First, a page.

Turtle dove conservation effort leads RSPB man from Suffolk to Senegal
- Credit: Archant
Turtle doves are the UK’s fastest-declining migrant birds. Their breeding population has declined by a frightening 96% since 1970. The few birds that bred in Britain last summer are now far away in Africa. Ben McFarland, the RSPB’s eastern England regional conservation manager, recently followed them to their wintering grounds - here is his story
Data underpins good science and at the RSPB we try to base all of our decisions on the very best evidence, so when the chance came up to contribute to the evidence base on turtle dove in Africa I had to grasp the opportunity with both hands.
Now Senegal and Suffolk are a world apart for so many reasons, but what they do have in common is that they are both important areas for this much-loved but fast-disappearing species.
In Suffolk, we are working hard to reverse the precipitous decline suffered by the UK’s shrinking breeding population. Out efforts range from scrub creation on our reserves to working closely with nature-friendly farmers. However, I’ve always been conscious that this is only half the story: what is happening in their wintering grounds in Africa?
The month-long sabbatical was certainly no holiday. Working seven days a week, we were generally up at 5am to avoid as much of the heat of the day as possible, with the afternoons devoted to data entry.
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The first stage of the surveys was monitoring a known roost site at a location about four hours south-east of Dhaka. An oasis in a region of intense grazing, Beersheeba is a sustainable agriculture project of 100 hectares. Low levels of grazing, coupled with sensitive vegetable and fruit growing, has enabled thick acacia scrub to develop, which turtle doves love.
Permanent water all year round and foraging further afield - low levels of mechanisation means that there is still lots of spilt seed around - makes this an ideal spot. During the survey we recorded an incredible 33,500 turtle doves leaving the site to feed. Now, it’s not often I get emotional in my work but the sight of so many birds flying over my head - personally in my section I counted around 9,000 - brought a lump to my throat and, I’ll admit it, perhaps even a little tear in my eye.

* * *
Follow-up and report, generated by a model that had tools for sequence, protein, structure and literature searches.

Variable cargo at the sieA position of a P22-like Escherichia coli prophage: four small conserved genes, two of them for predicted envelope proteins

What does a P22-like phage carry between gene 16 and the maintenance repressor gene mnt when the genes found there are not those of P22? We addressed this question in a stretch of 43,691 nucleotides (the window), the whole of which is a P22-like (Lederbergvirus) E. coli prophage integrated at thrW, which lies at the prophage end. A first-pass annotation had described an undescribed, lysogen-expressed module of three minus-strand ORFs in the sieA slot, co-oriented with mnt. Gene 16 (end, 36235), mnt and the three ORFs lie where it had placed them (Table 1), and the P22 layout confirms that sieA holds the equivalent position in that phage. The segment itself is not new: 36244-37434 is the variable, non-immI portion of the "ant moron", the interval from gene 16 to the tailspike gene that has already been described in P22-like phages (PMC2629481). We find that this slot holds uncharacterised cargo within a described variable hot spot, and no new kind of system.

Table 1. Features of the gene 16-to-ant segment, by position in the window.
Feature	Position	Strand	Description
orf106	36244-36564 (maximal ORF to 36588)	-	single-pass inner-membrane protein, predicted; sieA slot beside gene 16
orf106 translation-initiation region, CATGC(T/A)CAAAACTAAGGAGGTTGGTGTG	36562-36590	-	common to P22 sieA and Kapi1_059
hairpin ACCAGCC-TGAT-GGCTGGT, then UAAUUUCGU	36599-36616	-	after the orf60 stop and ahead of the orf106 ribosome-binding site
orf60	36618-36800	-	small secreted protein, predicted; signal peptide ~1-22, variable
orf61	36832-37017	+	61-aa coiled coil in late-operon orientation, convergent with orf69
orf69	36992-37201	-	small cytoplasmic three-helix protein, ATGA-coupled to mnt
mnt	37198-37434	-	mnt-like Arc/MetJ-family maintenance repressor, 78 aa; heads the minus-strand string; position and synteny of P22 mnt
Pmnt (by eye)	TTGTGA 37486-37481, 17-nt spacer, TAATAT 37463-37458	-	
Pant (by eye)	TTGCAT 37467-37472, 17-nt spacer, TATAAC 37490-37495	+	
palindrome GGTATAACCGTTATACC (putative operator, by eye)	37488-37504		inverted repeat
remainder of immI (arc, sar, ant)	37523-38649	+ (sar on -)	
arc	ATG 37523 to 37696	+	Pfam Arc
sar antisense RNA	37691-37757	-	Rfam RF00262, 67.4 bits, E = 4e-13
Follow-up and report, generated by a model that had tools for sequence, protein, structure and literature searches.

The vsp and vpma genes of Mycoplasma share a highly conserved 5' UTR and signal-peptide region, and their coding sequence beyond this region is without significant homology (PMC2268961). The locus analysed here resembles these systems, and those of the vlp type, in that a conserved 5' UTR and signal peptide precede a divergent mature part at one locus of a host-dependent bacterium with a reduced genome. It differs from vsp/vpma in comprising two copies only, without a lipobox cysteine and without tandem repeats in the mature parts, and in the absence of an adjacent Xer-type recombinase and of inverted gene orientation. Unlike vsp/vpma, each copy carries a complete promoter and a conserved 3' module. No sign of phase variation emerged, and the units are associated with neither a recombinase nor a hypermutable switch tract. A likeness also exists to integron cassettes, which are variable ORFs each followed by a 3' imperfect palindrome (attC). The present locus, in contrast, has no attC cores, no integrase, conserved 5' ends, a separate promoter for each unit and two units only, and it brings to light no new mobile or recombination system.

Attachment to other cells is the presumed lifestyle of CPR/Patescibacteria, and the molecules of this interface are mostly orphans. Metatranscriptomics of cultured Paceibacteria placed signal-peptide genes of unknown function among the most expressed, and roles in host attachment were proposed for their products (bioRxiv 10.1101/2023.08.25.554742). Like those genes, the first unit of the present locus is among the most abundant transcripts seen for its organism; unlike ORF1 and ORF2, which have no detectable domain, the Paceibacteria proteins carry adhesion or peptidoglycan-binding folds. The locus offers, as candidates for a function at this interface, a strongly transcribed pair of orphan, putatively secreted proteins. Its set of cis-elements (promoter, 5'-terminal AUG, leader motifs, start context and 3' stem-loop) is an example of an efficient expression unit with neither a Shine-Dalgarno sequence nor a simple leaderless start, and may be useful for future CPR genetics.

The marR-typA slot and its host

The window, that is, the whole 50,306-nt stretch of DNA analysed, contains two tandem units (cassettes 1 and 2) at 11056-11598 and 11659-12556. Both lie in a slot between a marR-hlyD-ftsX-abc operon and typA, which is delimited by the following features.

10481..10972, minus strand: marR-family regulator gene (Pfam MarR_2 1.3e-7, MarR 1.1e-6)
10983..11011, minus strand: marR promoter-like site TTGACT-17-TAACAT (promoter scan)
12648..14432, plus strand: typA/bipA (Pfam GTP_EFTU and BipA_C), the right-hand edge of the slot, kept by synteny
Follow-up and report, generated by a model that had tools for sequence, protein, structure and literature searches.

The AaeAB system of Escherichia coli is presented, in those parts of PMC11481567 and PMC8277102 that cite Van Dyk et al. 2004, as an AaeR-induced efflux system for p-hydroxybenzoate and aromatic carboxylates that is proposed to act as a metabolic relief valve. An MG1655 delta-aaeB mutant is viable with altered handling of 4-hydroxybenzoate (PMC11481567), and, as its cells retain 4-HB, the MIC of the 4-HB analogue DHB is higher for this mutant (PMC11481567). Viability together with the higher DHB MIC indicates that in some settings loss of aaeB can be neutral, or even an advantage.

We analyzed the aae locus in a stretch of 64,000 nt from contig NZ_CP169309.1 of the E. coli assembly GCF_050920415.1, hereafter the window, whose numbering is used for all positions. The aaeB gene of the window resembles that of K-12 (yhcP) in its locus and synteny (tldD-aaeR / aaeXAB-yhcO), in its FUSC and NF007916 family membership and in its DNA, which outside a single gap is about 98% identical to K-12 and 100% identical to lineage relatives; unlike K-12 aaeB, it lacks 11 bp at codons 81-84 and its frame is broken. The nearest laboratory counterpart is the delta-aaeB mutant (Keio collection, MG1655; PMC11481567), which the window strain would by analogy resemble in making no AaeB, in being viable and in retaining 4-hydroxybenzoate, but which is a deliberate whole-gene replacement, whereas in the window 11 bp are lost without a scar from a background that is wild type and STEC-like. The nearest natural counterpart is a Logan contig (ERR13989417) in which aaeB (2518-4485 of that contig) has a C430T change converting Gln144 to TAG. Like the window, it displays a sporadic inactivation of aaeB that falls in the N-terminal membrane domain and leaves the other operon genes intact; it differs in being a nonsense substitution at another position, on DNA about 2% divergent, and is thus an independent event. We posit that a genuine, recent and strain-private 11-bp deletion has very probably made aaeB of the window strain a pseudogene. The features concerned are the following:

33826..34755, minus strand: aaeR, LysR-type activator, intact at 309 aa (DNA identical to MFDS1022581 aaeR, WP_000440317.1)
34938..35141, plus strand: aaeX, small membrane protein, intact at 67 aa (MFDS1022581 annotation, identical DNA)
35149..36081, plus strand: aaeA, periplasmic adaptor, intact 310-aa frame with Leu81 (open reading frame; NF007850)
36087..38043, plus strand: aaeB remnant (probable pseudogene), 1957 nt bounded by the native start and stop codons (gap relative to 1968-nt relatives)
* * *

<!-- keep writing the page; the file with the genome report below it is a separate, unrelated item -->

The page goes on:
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This was not only as a result of the visual experience, which was incredible. It was also because it represented hope - hope that this approach, which clearly benefits local people as well as birds, could be replicated elsewhere. Local people have to be part of the solution.
Most of my trip was spent travelling the country surveying potential areas, recording not only the birds we found but also vegetation and the level of human impact.
Sadly, we never saw anything like the numbers of turtle dove we hoped to see. Along the Mauritanian and Malian borders, the fringes of the Sahara, the rains had failed and the grass had therefore died before it could develop seed, depriving the turtle doves of a food source. Water had largely dried up and the lack of foraging increased the grazing pressure on the scrub even more.
We also saw extensive deforestation. Whilst the combination of climate change and population pressure created a depressing picture, the Beersheeba example filled me with genuine optimism and a satisfaction that the data I collected will help us in the future to develop projects that could save our turtle doves as well as other migrant birds.
Here at home in the UK the turtle dove population is currently halving every six years. They are considered to be vulnerable to global extinction and are critically endangered in terms of their risk of extinction as a breeding bird in the UK.
As well as the environmental pressures they face in Africa and the risk from hunters’ guns on their migration routes through Europe, available evidence also points strongly towards agricultural intensification greatly reducing the diversity, abundance, seasonal availability and accessibility of suitable seed food.
In response to the shocking decline in population, the RSPB has set-up 29 Turtle Dove Friendly Zones. We are actively working and providing advice to farmers in 14 of them already and are looking to get funding to expand into all the zones in the near future.
Through our work we hope to support farmers and land managers to deliver the turtle dove’s habitat requirements and provide enough nesting and feeding habitat to reverse the species’ decline.
More information about the turtle dove and a wide-ranging partnership project dedicated to the species’ conservation can be found at www.operationturtledove.org/